At first, all the explanatory variables (potential risk factors) of each level were entered into their respective models. Then we identified initial risk factors at a 5% level of significance at each level. For each level, selected initial risk factors were jointly included in the model, controlling for all variables retained in previous levels with a 10% level of significance. Then, progressively excluded variables at each level, retaining only those variables that were statistically significant at a 5% level of significance. Therefore, in the final model, hazard ratios were simultaneously adjusted for variables in the same hierarchical level and those retained in previous levels. All analyses were conducted with Stata 13.0 software (StataCorp. 2013. Stata Statistical Software: Release 15. College Station, TX: StataCorp LP).

Ethical clearance

Study participants provided informed written consent. The institutional review board of icddr,b reviewed and approved the study protocol.


Demographics of the study patients

During the pre-pandemic period, we enrolled 4392 adult SARI patients with the median age 45 years (IQR: 28–60 years), and of them 63% was male (Table 1). Among these patients, 264 (6.01%) died during the study period. Of these deaths, 89 (2.01%) occurred during hospitalization, and 175 (4%) occurred within 30 days post-discharge. During COVID-19 pandemic period, through this surveillance platform we enrolled 3824 adult SARI patients. Median age of the enrolled patients was 50 years (IQR: 35–60 years), with 61% being male. During this pandemic period, 521 (13.62%) SARI patients died. Of these, 247 (6.45%) died in the hospital, while 274 (7.17%) died within 30 days of post-discharge period. Approximately 17% of our participants were vaccinated with at least a single dose of vaccine against SARS-CoV-2 during this period. The B1.1.7 (alpha) variant of SARS-CoV-2 was predominant till December 2020 in Bangladesh, which was later followed by B.1.617.2 (delta) variant and B1.351 (beta) variant of SARS-CoV-2.

Table 1 Clinico-epidemiological characteristics of SARI patients during the pre- and COVID-19 pandemic periods

Viral etiology of SARI deaths pre- and during the COVID-19 pandemic

We tested all SARI decedents (both in-hospital and post-discharge deaths) for the influenza virus during the pre-pandemic period. Among the 264 decedents, influenza virus was identified in 14% (37) of cases. Of the 264 decedents, 18% of influenza-positive SARI patients died during hospitalization, and 12% died within 30 days post-hospital discharge period.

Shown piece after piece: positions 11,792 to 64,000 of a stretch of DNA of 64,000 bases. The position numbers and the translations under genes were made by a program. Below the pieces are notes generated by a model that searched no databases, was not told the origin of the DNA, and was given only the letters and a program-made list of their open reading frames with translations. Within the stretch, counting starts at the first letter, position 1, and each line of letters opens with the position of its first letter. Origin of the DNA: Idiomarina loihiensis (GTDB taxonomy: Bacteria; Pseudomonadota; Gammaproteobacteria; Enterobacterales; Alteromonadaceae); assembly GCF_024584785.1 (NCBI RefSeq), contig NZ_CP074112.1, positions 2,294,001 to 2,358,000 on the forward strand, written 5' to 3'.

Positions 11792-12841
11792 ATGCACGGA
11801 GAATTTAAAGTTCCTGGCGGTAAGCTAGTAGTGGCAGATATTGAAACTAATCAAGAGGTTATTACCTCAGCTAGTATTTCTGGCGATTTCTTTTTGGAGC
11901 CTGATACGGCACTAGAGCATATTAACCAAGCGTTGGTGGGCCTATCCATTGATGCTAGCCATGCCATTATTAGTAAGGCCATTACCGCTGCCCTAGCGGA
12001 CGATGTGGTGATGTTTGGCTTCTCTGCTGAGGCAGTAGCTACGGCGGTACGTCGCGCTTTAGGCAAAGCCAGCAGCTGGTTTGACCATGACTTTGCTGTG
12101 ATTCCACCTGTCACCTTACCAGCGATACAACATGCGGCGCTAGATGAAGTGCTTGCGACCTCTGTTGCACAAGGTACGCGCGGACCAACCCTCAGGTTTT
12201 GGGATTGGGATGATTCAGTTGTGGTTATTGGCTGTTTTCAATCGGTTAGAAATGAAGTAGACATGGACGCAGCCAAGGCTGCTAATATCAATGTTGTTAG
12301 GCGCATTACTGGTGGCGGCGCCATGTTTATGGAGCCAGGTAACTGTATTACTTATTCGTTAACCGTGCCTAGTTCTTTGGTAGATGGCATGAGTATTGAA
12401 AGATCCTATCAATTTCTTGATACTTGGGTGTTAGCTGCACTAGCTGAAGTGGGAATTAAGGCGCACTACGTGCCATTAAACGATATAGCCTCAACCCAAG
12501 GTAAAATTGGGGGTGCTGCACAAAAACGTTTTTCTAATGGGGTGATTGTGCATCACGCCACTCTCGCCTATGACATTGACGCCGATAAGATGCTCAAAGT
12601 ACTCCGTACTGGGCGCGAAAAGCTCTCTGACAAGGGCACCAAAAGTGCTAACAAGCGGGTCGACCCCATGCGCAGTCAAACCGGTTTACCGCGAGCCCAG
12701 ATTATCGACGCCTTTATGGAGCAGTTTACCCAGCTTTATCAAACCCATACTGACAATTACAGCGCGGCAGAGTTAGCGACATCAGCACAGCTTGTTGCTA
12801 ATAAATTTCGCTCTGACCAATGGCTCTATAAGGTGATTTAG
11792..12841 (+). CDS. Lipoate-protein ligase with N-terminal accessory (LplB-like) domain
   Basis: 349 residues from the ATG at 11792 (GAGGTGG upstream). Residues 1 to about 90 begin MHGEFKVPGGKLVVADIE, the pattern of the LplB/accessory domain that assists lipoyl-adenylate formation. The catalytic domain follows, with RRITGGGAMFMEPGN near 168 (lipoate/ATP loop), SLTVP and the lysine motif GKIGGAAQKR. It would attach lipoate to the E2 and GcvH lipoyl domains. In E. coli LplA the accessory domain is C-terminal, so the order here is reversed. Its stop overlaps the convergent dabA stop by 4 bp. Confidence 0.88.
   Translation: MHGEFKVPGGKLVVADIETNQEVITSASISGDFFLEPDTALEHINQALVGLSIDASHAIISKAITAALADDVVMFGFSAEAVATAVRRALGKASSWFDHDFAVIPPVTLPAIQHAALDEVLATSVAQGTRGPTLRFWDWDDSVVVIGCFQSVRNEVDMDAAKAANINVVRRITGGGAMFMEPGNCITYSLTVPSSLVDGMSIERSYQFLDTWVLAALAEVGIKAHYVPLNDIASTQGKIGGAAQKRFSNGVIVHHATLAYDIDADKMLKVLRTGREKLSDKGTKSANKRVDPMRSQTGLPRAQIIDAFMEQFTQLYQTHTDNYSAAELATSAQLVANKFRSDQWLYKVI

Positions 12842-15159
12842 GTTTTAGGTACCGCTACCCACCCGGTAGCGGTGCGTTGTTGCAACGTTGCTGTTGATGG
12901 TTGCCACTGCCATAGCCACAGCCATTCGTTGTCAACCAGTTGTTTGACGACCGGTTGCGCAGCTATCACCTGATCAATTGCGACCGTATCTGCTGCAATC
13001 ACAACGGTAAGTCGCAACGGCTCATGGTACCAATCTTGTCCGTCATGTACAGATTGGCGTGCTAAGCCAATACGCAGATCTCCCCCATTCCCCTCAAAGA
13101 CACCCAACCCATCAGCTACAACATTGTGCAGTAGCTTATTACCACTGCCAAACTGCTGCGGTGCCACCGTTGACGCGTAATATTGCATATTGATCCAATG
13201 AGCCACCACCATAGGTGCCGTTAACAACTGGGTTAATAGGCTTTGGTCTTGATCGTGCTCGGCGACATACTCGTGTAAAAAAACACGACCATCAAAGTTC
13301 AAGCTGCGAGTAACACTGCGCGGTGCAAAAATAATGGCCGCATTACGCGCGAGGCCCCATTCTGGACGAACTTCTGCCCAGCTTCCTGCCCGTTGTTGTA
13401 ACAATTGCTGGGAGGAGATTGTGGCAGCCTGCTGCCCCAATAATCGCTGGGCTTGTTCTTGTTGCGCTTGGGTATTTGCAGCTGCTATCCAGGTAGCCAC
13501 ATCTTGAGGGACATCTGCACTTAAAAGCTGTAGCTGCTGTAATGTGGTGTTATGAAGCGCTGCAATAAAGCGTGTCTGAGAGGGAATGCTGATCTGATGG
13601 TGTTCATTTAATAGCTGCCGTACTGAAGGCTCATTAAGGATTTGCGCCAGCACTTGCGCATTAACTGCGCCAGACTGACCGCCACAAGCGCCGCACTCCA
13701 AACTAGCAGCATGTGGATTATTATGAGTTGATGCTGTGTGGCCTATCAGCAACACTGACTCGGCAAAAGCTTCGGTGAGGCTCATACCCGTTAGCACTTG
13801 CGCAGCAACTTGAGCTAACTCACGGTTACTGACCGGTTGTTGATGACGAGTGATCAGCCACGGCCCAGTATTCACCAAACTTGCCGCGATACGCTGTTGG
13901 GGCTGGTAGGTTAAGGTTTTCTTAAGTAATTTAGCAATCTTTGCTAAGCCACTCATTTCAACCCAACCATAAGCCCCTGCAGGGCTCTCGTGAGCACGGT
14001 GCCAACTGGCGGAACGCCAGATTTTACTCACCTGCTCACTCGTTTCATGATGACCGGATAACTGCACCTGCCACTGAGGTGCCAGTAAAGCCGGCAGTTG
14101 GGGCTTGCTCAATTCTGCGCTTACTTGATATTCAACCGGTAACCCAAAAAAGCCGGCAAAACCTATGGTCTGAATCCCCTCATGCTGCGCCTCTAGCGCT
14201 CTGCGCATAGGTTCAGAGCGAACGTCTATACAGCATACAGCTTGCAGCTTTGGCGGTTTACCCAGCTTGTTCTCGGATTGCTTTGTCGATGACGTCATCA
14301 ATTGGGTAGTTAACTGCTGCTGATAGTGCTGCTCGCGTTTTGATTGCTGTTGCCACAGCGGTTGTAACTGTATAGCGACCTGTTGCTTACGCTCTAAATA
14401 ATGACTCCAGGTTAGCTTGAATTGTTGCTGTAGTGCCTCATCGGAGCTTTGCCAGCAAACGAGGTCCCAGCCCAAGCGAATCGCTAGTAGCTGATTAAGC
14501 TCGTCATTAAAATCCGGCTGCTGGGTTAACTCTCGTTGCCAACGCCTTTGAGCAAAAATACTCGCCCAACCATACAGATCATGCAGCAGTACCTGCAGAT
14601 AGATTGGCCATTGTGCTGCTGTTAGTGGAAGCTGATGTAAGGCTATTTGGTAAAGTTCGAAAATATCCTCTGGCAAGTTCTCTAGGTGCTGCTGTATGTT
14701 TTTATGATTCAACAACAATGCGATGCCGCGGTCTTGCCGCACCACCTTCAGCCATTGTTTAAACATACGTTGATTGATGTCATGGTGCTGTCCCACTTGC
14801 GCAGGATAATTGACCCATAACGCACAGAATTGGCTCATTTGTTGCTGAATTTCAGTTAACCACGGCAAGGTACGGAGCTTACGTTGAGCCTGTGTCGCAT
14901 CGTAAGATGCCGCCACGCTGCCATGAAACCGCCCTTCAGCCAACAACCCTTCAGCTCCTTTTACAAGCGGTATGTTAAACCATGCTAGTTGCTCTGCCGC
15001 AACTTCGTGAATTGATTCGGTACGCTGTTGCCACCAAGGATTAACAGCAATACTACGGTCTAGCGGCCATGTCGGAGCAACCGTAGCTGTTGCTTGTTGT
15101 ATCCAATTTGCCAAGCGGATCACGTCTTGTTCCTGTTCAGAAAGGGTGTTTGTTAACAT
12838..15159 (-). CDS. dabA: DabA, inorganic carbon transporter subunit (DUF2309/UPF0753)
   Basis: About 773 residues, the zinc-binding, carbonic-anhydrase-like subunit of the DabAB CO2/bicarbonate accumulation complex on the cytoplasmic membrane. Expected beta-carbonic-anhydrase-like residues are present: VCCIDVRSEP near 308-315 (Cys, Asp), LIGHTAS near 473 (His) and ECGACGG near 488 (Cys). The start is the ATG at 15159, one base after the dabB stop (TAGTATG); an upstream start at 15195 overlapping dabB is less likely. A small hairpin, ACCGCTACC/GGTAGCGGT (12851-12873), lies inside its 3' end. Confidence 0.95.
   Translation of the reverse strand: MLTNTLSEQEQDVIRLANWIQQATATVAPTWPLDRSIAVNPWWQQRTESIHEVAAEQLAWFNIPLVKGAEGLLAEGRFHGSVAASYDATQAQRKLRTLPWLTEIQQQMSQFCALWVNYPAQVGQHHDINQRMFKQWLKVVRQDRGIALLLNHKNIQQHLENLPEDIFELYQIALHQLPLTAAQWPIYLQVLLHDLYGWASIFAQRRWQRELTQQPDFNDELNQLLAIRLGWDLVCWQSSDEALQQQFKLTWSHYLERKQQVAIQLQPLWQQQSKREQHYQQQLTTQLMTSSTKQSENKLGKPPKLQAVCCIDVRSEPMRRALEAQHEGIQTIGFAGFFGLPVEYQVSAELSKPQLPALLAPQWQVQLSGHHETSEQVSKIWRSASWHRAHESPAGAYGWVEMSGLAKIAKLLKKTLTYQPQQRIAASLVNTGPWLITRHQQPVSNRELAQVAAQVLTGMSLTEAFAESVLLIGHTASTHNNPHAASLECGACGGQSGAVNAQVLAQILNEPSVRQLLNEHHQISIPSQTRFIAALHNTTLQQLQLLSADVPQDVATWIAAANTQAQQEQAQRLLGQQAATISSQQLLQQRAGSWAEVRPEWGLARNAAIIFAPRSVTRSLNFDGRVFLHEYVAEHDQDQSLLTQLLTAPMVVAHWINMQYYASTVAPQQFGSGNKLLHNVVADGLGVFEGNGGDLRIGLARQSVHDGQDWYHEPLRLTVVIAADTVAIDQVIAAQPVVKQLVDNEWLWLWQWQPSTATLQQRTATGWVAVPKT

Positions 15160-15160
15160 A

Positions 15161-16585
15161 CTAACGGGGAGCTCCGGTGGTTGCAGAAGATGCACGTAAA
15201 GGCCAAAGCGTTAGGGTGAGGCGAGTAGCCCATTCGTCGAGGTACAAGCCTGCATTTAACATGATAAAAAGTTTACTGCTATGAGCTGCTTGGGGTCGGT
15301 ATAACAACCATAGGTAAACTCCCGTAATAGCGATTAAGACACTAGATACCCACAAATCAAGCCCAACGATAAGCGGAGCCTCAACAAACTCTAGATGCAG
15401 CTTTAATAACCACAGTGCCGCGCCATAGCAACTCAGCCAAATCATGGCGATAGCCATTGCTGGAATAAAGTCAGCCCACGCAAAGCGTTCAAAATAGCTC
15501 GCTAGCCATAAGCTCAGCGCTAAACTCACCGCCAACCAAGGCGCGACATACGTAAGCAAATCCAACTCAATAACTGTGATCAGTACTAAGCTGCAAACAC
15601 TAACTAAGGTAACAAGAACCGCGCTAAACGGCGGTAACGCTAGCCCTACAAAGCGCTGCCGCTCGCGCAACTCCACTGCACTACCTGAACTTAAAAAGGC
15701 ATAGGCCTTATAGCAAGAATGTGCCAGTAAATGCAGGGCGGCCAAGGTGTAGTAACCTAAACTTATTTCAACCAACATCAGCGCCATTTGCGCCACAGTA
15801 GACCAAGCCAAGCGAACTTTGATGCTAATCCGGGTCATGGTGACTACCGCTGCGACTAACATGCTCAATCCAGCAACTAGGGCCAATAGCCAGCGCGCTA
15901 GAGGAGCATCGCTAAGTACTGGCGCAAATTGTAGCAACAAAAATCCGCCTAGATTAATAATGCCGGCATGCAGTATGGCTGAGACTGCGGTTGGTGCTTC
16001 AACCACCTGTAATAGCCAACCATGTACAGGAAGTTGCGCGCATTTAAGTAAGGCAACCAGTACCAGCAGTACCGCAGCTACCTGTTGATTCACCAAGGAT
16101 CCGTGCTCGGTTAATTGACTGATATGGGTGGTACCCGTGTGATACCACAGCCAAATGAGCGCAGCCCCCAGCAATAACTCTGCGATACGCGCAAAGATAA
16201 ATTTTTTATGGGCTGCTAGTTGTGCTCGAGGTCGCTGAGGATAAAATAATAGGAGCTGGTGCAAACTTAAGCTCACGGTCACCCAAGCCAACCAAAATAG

During the COVID-19 pandemic period, patients were tested for both influenza and SARS-CoV-2 virus. Among the 521 recorded SARI deaths, influenza virus was detected in only 2.3% (12) of patients, whereas SARS-CoV-2 was detected in 41.8% (218) of them. Additionally, co-infection of both viruses was identified in only 1 (0.2%) SARI patient, who died during this pandemic period. Influenza virus was detected in 1% of in-hospital death cases and 4% of post-discharge deaths, whereas SARS-CoV-2 was detected in 49% of the in-hospital death cases and 36% post-discharge death cases (Fig. 2). In the pre-pandemic period, an upsurge of influenza-associated SARI deaths was commonly observed from March to July, whereas in the pandemic period, SARS-CoV-2 was the predominant virus responsible for SARI deaths in these months (Fig. 3).

Fig. 2
figure 2

Influenza and SARS-CoV-2 virus detected among in-hospital and post-discharge SARI death cases during the pre- and COVID-19 pandemic periods

Fig. 3
figure 3

Monthly distribution of deaths among SARI patients during the pre- and COVID-19 pandemic periods

Factors associated with deaths of SARI patients in the pre-pandemic and pandemic periods

During the pre-COVID-19 pandemic period, after adjusting for age and smoking status, SARI patients who had a history of one or more co-morbid conditions had 1.33 times (95% CI: 1.01–1.73) of higher risk of dying than those without any co-morbid conditions. After adjusting for age, smoking status and co-morbid conditions, adults who experienced difficulty breathing during admission had a 2.36-fold (95% CI: 1.65–3.36) increased risk of dying during this period compared to those who did not have such symptoms (Table 2).

Table 2 Factors associated with SARI deaths in adults enrolled during the pre-COVID-19 pandemic period (N = 264)

During the COVID-19 pandemic period, deaths from SARI were associated with the presence of the SARS-CoV-2 virus. After accounting for age, sex and smoking status, SARI patients who tested positive for SARS-CoV-2 exhibited a 1.26-fold increased risk of mortality (95% CI: 1.05–1.51) compared to those who tested negative for SARS-CoV-2. Furthermore, SARI patients who experienced respiratory difficulties upon admission had a significantly increased risk of death, with a hazard ratio of 3.01 (95% CI 1.57–3.35). This finding remained consistent even after adjusting for both age, sex and the detection of influenza and SARS-CoV-2 viruses and such SARI patients with breathing difficulty had 2.30 times increased risk of dying during the pandemic (Table 3).

Table 3 Factors associated with SARI deaths in adults enrolled during the COVID-19 pandemic period (N = 521)